Joseph’s Life and Lessons, Part 1

January 22, 2019 at 11:38 AM 1 comment

On January 1st, I began reading the Bible all over again, starting with Genesis. I’ve said this before, but it bears repeating. The more you read and study His Word, the more your eyes are open to the valuable truths found within His Word. It’s not simply becoming more familiar with it (though that happens). It’s seeing more of what’s actually in the text itself and being able to connect it to other portions of Scripture. It’s also important to learn what the Bible says to you and me about our lives.

In this short series, I want to talk about Joseph, one of the Patriarchs of Israel. Genesis 37 introduces us to this young man who was a favored son of his father, Jacob (also known as Israel). Joseph and his eleven brothers became the patriarchs of Israel and from them, the twelve tribes of Israel came into existence. These eleven brothers were not prime examples of men with integrity, for the most part. In fact, they hated Joseph who seemed to them to be a braggart and tattle tale (Genesis 37:2b). It didn’t help that apparently Jacob loved Joseph more than all his brothers (Genesis 37:3).

It really doesn’t matter what excuse a parent might have for loving one child more than another (the text tells us that Jacob loved Joseph more than the others because Joseph was the “son of his old age”; Genesis 37:3). This did not set well with the other eleven sons and Jacob should have understood this.

It also didn’t help that Joseph seemed to be a bit of a braggart, though this could have been done in innocence. Starting in verse five of Genesis 37, we learn about Joseph’s first dream (or first recorded dream).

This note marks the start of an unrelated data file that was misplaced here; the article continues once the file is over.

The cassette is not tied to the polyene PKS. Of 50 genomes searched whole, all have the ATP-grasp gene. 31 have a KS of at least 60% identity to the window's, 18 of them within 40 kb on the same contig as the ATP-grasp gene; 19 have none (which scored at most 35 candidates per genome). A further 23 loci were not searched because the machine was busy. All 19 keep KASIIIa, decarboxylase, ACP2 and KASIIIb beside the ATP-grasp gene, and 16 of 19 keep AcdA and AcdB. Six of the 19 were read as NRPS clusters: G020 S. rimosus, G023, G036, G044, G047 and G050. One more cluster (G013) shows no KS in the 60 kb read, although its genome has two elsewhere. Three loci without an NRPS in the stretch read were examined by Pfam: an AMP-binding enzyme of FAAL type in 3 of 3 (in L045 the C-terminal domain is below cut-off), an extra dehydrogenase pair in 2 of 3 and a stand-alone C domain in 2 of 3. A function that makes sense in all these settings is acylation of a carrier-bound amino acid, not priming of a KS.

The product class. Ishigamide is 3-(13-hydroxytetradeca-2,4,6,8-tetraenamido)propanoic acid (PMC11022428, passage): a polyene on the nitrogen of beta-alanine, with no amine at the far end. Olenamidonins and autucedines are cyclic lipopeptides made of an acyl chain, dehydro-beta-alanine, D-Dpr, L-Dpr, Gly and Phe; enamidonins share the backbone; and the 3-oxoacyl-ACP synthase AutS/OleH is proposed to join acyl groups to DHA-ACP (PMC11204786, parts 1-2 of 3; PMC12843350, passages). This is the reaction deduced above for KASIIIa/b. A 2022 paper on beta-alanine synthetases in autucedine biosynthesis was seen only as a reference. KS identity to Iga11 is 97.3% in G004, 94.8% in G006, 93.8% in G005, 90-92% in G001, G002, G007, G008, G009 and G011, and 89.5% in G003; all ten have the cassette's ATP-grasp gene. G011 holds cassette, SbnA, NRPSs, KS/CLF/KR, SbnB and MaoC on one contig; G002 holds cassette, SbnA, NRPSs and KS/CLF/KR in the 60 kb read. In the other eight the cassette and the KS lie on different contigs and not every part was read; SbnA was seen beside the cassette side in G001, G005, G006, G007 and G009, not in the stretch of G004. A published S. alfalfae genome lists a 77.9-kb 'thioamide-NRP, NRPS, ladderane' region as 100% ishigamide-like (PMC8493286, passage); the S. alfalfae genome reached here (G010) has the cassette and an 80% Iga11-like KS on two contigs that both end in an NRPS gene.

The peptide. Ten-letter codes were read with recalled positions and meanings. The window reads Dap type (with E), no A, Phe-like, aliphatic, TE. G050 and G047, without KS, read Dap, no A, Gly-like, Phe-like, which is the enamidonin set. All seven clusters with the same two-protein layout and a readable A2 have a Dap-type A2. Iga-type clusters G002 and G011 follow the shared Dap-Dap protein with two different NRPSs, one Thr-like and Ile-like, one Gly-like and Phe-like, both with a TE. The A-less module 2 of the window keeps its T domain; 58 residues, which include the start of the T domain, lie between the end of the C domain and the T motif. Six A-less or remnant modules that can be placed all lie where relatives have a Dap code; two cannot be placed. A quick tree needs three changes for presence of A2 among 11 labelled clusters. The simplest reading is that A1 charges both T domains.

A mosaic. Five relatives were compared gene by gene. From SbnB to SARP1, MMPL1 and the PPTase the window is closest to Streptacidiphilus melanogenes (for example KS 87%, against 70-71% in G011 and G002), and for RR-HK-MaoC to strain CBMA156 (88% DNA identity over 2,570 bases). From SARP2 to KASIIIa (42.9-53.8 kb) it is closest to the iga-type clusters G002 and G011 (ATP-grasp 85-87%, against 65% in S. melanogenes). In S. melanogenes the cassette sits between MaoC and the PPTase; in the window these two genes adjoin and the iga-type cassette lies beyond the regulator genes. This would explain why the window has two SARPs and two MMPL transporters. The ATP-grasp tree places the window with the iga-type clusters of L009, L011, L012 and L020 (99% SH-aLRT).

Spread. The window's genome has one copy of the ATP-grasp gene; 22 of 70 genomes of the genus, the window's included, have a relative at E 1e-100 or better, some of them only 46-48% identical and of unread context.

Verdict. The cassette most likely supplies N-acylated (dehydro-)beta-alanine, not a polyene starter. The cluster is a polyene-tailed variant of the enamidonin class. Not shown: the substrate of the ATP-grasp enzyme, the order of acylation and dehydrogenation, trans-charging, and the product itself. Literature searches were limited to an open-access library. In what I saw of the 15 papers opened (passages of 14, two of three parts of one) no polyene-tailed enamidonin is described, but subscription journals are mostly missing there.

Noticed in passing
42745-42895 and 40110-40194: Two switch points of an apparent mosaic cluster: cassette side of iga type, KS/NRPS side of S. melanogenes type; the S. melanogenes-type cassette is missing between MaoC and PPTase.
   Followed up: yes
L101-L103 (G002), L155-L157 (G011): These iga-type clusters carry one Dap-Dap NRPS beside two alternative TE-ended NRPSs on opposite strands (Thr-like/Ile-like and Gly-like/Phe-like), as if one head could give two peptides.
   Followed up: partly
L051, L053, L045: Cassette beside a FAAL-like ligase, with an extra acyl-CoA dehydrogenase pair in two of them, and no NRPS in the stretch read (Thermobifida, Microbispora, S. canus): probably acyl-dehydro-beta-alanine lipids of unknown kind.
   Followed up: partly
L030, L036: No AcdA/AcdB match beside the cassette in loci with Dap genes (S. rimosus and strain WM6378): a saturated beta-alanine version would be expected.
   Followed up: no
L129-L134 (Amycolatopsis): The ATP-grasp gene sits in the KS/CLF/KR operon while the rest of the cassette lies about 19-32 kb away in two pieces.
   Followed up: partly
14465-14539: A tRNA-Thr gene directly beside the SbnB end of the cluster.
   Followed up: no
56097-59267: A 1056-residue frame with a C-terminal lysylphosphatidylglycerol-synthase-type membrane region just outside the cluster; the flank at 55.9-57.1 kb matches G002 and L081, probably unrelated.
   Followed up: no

5 Now Joseph had a dream, and when he told it to his brothers they hated him even more.
6 He said to them, ‘Hear this dream that I have dreamed:
7 Behold, we were binding sheaves in the field, and behold, my sheaf arose and stood upright. And behold, your sheaves gathered around it and bowed down to my sheaf.’
8 His brothers said to him, ‘Are you indeed to reign over us? Or are you indeed to rule over us?’ So they hated him even more for his dreams and for his words. (Genesis 37:5-8 ESV)

Now there is the possibility that Joseph was not really bragging. He could’ve been just excited to have such a dream and wanted to share it. But when he had a second dream along the same lines, yet with a bit more detail, it seems to indicate that what Joseph shared was seen as bragging or lording it over everyone because by then he understood what it meant for his brothers and parents. Even so, it’s probably best to reserve judgment of Joseph’s heart because the text doesn’t really tell us.

Note that the second dream (Genesis 37:9-11), was not just about his brothers, but also included Joseph’s mother and father (the “sun and moon”).  Interesting, isn’t it?

By the way, as an aside here (though connected), take the time to read Revelation 12. The chapter provides a very quick summary of the history of Israel through to the birth, death, resurrection and ascension of Jesus into heaven. Notice specifically verse one of Revelation 12:

And a great sign appeared in heaven: a woman clothed with the sun, with the moon under her feet, and on her head a crown of twelve stars.